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projects:samos:reporting:paleoenv

This chapter offers an overview of the data concerning the Palaeoenvironment at Samos.

During the Upper Neogene Mytilinii basin, which is the basin affecting Heraion, is formed (1), 151). Late Miocene contributes to the oldest lacustrine portion as well as bituminous limestones, marl stones, dolostones and porcelanites. Palaeoenvironmental conditions on the plateau are categorized in three successive periods: (a) Waters of varying depth (shallow to deeper) in a saline lake, (b) saline lakes, dry lake landscapes with often earthquake events and deposition of brecciated sediments, and ( c ) possible partition of the lake to two parts, with the south-eastern part by Pythagorion forming a deeper-water saline lake. An alternative scenario to period ( c ) would be the different topography of the sediments’ deposition. North-west we could have a deposition on the margin of the lace while south-east at the centre of the basin. The location within the basin is exposed to higher salinities and alkalinities leading to a precipitation of the saline minerals (2), 159-160).

Owen at al. provide a detailed stratigraphy of Mytilini basin (3), 155, fig. 1) according to which following Late Miocene sequences have been deposited: Limestones of ca.200 m thickness, clastic rocks of ca. 170 m thickness, 50 m of diatomaceous rocks, 200 m of dolostones and finally tuff.

According to Bailey (4), 8) around 18000 before present earth experienced the most recent glacial period where a great amount of water has been “locked” by the ice sheets located to the north and south hemisphere extended to the center. In that case Western coast of Greece (at Epirus) was quite different from what we know today, since the eustatic sea level was ca.100 m lower. At the northeaster of Greece (at south Argolida) a similar phenomenon took place according to Van Andel and Tjeerd (5), 390). The sea level gradually increases as we move toward the inter-glacial period we currently live. Samos would be heavily affected by the eustatic sea level changes, forming a unit with Kos, Fournoi (as from the major islands), the shores of Turkey as well as several smaller Greek island of the Aegean sea (Figure X, A. Androvitsanea). Submerged landscapes as studied by Flemming (6), 1031) corroborate this theory.

Samos island experienced isostatic sea level changes as well during the Quaternary and most specifically in the Holocene (starting 11.700 years before present) (7), 44). The topography of the sea bed indicate the existence of an over 1000 m marine basins at the north-west of Samos, while the slope indicates a major normal fault in charge of the north-west and west coast. Southern and western coast have a more gentle sea bed topology with depths not exceeding 200 m (8), 42).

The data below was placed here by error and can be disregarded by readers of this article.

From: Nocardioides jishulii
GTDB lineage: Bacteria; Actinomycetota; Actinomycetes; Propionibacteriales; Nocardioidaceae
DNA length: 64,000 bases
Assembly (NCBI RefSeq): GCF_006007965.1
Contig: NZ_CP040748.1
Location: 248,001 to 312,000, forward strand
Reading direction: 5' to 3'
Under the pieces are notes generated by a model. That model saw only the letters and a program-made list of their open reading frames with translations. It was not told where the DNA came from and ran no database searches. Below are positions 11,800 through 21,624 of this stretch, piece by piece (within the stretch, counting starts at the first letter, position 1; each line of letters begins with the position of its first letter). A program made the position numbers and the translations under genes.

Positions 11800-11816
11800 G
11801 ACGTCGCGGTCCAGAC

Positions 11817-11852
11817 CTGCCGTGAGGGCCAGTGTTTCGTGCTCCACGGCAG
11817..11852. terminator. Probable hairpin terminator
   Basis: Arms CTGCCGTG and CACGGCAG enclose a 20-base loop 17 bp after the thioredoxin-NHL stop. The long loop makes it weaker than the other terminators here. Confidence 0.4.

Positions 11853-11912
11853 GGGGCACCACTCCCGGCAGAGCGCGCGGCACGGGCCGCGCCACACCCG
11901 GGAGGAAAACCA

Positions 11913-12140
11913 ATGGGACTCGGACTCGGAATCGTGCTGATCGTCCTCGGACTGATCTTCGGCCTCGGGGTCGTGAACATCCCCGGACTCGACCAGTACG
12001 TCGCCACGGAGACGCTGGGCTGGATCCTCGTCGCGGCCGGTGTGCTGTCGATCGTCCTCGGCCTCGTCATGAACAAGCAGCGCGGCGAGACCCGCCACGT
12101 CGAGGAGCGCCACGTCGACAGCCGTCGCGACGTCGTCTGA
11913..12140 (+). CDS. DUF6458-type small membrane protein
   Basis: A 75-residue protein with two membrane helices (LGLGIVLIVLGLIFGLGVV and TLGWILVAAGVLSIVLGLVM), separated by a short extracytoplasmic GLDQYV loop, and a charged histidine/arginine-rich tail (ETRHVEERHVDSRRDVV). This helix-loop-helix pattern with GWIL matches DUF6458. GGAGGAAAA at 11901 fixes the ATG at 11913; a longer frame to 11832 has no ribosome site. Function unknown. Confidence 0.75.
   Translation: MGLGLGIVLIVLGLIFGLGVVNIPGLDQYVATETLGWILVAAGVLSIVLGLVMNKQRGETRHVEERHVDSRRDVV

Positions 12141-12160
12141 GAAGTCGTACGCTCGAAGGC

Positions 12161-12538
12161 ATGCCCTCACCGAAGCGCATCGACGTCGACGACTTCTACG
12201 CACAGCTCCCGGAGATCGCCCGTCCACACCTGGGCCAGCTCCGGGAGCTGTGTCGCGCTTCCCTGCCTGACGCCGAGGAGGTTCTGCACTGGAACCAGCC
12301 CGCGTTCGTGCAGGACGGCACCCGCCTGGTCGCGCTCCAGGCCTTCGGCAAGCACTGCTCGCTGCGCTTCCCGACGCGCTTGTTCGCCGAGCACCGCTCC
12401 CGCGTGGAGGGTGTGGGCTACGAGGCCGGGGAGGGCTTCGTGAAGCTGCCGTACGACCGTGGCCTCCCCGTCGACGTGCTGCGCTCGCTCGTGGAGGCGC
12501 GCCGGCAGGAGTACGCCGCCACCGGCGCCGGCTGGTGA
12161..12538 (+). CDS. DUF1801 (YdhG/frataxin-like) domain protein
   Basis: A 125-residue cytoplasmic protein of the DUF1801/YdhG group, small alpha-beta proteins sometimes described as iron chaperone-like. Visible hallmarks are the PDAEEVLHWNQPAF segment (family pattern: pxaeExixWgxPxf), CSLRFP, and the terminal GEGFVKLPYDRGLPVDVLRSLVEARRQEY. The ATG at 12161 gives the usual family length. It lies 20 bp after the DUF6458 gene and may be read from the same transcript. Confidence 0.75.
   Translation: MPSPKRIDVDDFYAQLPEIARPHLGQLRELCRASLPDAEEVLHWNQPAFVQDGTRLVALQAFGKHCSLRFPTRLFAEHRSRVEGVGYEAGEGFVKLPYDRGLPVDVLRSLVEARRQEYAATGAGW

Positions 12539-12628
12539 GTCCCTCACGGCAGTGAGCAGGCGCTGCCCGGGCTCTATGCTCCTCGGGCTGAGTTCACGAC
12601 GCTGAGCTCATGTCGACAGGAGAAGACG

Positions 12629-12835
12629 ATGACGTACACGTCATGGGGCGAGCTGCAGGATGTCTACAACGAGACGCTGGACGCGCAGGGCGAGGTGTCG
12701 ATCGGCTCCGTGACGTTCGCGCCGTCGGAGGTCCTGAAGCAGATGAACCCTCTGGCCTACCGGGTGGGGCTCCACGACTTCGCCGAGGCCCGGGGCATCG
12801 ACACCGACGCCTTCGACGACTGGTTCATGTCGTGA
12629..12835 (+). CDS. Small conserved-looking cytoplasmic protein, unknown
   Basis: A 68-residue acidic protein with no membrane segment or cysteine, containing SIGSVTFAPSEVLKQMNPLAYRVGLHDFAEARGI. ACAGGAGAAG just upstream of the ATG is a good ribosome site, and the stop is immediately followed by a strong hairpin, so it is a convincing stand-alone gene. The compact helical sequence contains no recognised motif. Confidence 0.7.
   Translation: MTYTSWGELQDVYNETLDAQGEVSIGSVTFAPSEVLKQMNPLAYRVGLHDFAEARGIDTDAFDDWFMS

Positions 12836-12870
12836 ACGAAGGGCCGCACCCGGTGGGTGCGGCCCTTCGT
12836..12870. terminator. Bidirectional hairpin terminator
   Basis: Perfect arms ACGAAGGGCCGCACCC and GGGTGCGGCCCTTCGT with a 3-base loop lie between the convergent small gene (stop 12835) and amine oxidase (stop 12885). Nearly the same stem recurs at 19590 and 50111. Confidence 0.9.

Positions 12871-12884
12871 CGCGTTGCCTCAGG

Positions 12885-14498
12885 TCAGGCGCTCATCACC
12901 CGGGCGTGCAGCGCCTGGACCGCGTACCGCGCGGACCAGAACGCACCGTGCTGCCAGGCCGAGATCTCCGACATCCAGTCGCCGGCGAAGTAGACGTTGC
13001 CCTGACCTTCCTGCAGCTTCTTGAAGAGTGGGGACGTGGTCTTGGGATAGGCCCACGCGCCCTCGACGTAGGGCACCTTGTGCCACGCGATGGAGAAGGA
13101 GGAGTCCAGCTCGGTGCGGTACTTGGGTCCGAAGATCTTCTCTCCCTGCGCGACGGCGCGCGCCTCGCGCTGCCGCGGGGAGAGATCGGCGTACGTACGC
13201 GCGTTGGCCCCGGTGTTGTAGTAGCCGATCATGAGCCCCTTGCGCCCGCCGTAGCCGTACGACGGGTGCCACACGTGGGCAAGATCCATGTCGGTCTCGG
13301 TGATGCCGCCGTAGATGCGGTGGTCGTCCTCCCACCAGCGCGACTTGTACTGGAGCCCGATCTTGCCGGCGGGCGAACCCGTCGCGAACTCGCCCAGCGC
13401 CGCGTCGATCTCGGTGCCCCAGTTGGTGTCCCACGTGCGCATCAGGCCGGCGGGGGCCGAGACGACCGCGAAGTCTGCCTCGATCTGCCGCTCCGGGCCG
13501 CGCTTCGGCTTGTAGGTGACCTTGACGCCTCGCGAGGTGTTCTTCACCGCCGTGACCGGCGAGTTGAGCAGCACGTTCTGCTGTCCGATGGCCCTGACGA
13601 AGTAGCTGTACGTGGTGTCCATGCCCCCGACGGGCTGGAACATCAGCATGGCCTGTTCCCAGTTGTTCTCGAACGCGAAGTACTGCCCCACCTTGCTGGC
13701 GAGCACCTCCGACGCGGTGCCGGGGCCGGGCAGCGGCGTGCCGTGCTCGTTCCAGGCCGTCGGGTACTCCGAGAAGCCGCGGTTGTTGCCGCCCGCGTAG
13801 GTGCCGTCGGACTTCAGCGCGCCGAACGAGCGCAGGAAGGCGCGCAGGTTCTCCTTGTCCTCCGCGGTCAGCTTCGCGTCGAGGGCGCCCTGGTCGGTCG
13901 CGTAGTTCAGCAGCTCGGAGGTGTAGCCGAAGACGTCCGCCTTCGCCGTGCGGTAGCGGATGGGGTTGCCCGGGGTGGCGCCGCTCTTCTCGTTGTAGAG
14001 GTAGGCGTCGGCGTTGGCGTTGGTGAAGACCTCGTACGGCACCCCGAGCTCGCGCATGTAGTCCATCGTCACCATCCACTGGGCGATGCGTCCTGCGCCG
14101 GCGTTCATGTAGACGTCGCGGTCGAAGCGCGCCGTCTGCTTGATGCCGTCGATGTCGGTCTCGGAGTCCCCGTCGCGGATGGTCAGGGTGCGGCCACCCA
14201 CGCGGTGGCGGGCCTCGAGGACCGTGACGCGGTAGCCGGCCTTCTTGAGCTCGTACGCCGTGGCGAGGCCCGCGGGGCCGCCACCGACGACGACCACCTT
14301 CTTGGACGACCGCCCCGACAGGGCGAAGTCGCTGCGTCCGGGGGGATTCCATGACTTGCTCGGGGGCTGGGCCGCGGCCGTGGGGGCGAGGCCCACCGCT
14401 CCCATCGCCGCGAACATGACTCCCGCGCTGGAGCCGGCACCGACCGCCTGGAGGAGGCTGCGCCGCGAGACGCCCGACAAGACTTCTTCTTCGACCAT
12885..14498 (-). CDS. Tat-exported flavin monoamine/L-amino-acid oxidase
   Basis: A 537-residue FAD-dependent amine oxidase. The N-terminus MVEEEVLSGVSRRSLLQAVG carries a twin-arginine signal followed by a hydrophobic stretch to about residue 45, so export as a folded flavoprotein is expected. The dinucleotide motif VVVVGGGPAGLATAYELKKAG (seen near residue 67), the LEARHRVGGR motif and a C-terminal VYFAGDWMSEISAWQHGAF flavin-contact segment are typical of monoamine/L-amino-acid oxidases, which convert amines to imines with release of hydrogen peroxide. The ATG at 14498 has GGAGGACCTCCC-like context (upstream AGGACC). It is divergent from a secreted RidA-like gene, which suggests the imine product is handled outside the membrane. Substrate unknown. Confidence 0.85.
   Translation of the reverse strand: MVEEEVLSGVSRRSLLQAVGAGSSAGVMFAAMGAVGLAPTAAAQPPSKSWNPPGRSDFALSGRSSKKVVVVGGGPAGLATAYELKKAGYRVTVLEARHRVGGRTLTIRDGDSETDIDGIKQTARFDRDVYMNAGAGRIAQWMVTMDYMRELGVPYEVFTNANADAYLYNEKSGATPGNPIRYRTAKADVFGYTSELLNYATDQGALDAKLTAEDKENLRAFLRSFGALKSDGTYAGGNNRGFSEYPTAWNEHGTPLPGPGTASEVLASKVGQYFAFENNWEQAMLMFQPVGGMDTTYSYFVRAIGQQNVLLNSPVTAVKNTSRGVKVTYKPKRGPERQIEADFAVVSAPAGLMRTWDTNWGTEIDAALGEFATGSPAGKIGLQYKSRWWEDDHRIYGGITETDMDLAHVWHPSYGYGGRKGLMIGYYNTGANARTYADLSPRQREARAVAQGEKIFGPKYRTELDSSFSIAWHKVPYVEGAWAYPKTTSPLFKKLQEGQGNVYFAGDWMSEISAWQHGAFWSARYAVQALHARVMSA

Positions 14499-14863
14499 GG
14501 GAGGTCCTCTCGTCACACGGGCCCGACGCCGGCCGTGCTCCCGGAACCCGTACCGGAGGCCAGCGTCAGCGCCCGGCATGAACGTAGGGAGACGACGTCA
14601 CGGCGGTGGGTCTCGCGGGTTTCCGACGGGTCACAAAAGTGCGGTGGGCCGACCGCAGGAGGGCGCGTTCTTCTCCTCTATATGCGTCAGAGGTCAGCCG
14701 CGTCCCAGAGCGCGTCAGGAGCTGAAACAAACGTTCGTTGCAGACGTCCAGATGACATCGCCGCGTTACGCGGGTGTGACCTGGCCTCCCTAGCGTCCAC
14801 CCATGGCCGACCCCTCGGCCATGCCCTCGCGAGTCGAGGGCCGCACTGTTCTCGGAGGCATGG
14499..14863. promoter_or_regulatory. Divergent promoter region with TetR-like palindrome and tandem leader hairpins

At the south-eastern part of Samos the coastal subsidence occurring during the last few thousand years is implied through the discovery of submerged landscapes (9), 44). On the other hand during the Holocene north-western coast have experienced uplifts which reach the height of ca. 2.5 m (10), 46). Uplifts are linked to earthquake evens dated at 973-773 BC (1.1-1.5 m uplift) and 1867-1601 BC (2.3-2.5 m uplift) (11), 52). Mourzas and Stavropoulos (12), 234) estimate a 20 cm uplift for the southern coast during the Holocene. Further on, Stiros et al. present another approach concerning the dating of earthquake phenomena, on the basis of a constant average uplift rate, which would date the earthquakes responsible for the uplift at 2000-1100 years before present (13), 52).

Mourtzas and Kolaitē get even deeper to this topic describing the uplift of the southern part of Samos island as a back and forth uplift of 20 cm around an east to west axis (14), 6). The eastern part has been submerged 50 cm. They continue distinguishing three major sea level changes that haven’t been dated. The older on is spotted a depth of 7.85-9.90 m below today's sea level. The next one which corresponds to a swamp plateau for Heraion is at a depth of 4.00-5.60 m. The last and most recent one is at a depth of 1.60-3.10 m, again connected to a swamp environment (15), 76-77). They conclude that Heraion belongs to a system which is constantly changing, often flooding, with great variation on torrent course. Additionally, main characteristic of the site is the formation of dams, lagoons and swamps (16), 74).

Quaternary uplifts appear to be more dramatic with an estimation of 20 m at the north-western part of Samos. Assuming that 1 m of uplift is implemented in 1500 years, we end up at approx. 30000 years before present during the late Pleistocene (17), 53).

A detailed study of the gradation of Tigani coast has been performed by Mpleta et al. resulting to the thesis that the shore consists of sandy gravel while offshore we find sand of a diameter bigger than -1 Ø (cisa test sieves) (18), 73). Tigani coast has an inclination of 5-6 grads while offshore it is limited to 1-3 gr. A basic feature is the rocky anomaly of the surface starting at a distance of 35 – 65 m from today's shoreline at a depth of 2 m, corresponding to paleo-shorelines during the last thousands of years (19), 73).

Additionally, we can locate low and stabilized dunes of a maximum height of 1 m (20), 73).Standard waves are 0.4-1.2 m height with a rare pick of 4 m. These standard waves can mobilize sediments located at a 1-2 m depth, while the rare pick would be affected sediment of 8.5-11 m depth (21), 75).